The Criminal Life Of A Troubled Heir
He lived a life of privilege until it was

Ayodeji Awosika

I don’t agree with everything Ayo says, but I’m wowed by his style and his consistency in self-improvement. For someone who doesn’t like reading self-help that much, reading Ayo’s work always provokes significant thought, whether I agree or disagree. One of Ayo’s best, in my opinion, was recent, in an incredibly personal and vulnerable piece that documents his past as a self-proclaimed “former asshole,” and how he’s changed and reformed his life since. It’s one of the best pieces I’ve read on this platform, with Ayo sharing things most people would rather hide and keep secret, and take pride in his struggles as a reference point to the new person he is now:

Confessions of a Former Asshole: 13 Crazy Stories From a Past Life
Think of my past stories when you feel like change is difficult to

Timothy O'Neill

I think Timothy is the most underrated writer on Medium. His writing about addiction and mental health are just incredibly harrowing, and for a lack of better description, every sentence sounds like music. I always feel like Timothy’s writing sings. He holds nothing back, no details that most people would rather keep secret, and no recollection of grief or trauma. It’s always an honor having his writing in Invisible Illness, and I take a lot of pride in helping Timothy gain more traction through curation and editorial feedback, more so than almost anything else on the platform.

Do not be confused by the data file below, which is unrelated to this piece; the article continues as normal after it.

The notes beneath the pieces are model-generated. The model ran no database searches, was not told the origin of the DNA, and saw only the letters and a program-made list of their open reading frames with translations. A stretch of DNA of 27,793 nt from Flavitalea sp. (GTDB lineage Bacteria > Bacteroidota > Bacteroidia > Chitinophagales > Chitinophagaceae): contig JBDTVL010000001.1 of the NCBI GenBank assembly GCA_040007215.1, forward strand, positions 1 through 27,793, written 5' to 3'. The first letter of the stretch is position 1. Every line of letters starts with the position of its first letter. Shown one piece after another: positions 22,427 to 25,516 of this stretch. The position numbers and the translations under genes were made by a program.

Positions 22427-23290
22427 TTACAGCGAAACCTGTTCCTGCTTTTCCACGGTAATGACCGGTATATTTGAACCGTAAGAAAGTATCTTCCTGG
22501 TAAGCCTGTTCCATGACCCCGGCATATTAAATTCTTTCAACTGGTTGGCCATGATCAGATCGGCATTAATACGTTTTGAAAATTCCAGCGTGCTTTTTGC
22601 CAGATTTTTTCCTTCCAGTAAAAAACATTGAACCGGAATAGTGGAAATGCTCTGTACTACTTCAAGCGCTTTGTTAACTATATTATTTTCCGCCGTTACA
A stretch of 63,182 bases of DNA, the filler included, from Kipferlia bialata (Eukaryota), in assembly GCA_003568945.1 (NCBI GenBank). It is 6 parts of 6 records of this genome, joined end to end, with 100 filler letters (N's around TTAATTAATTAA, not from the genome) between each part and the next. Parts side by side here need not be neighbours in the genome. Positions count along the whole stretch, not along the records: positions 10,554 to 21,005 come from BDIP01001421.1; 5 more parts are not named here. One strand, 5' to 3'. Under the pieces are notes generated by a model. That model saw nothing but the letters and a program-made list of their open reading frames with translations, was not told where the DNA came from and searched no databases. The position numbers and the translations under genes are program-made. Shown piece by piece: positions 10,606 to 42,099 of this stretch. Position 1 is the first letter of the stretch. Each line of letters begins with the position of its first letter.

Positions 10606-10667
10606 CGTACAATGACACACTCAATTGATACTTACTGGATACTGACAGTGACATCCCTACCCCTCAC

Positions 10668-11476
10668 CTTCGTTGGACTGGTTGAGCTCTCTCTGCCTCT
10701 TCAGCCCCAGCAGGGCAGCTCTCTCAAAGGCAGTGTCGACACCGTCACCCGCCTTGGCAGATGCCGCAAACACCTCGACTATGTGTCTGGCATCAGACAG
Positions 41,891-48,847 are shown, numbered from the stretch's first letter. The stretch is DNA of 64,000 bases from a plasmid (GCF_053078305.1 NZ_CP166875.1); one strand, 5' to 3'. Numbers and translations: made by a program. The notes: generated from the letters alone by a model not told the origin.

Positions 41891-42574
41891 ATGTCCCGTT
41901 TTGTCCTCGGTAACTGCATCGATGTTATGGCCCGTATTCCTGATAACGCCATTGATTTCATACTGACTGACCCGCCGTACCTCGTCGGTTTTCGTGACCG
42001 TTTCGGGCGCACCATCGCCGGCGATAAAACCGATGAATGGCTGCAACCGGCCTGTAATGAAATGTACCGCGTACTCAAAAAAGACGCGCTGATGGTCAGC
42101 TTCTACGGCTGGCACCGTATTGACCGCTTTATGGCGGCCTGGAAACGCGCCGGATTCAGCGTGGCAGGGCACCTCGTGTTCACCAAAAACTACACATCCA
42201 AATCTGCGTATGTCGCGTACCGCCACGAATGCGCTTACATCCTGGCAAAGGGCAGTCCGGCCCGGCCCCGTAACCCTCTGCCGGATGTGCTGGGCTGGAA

A Devil On Both Shoulders: The Addict’s Dilemma
When there’s no angel it makes it hard to win the

Erik Brown

Erik is someone I’ve engaged with since almost the beginning of my time on Medium, and he always engages with very thoughtful feedback, whether he agrees or disagrees with what I write. Erik is actually mostly the reason I started writing history — Erik has a great skill at making history relatable to present-day lessons in self-improvement and more. Recently, he wrote about how the samurai dealt with stress and anxiety, an informative and valuable read.

How The Samurai Dealt With Stress And Anxiety
Stress management techniques from ancient

Kristi Keller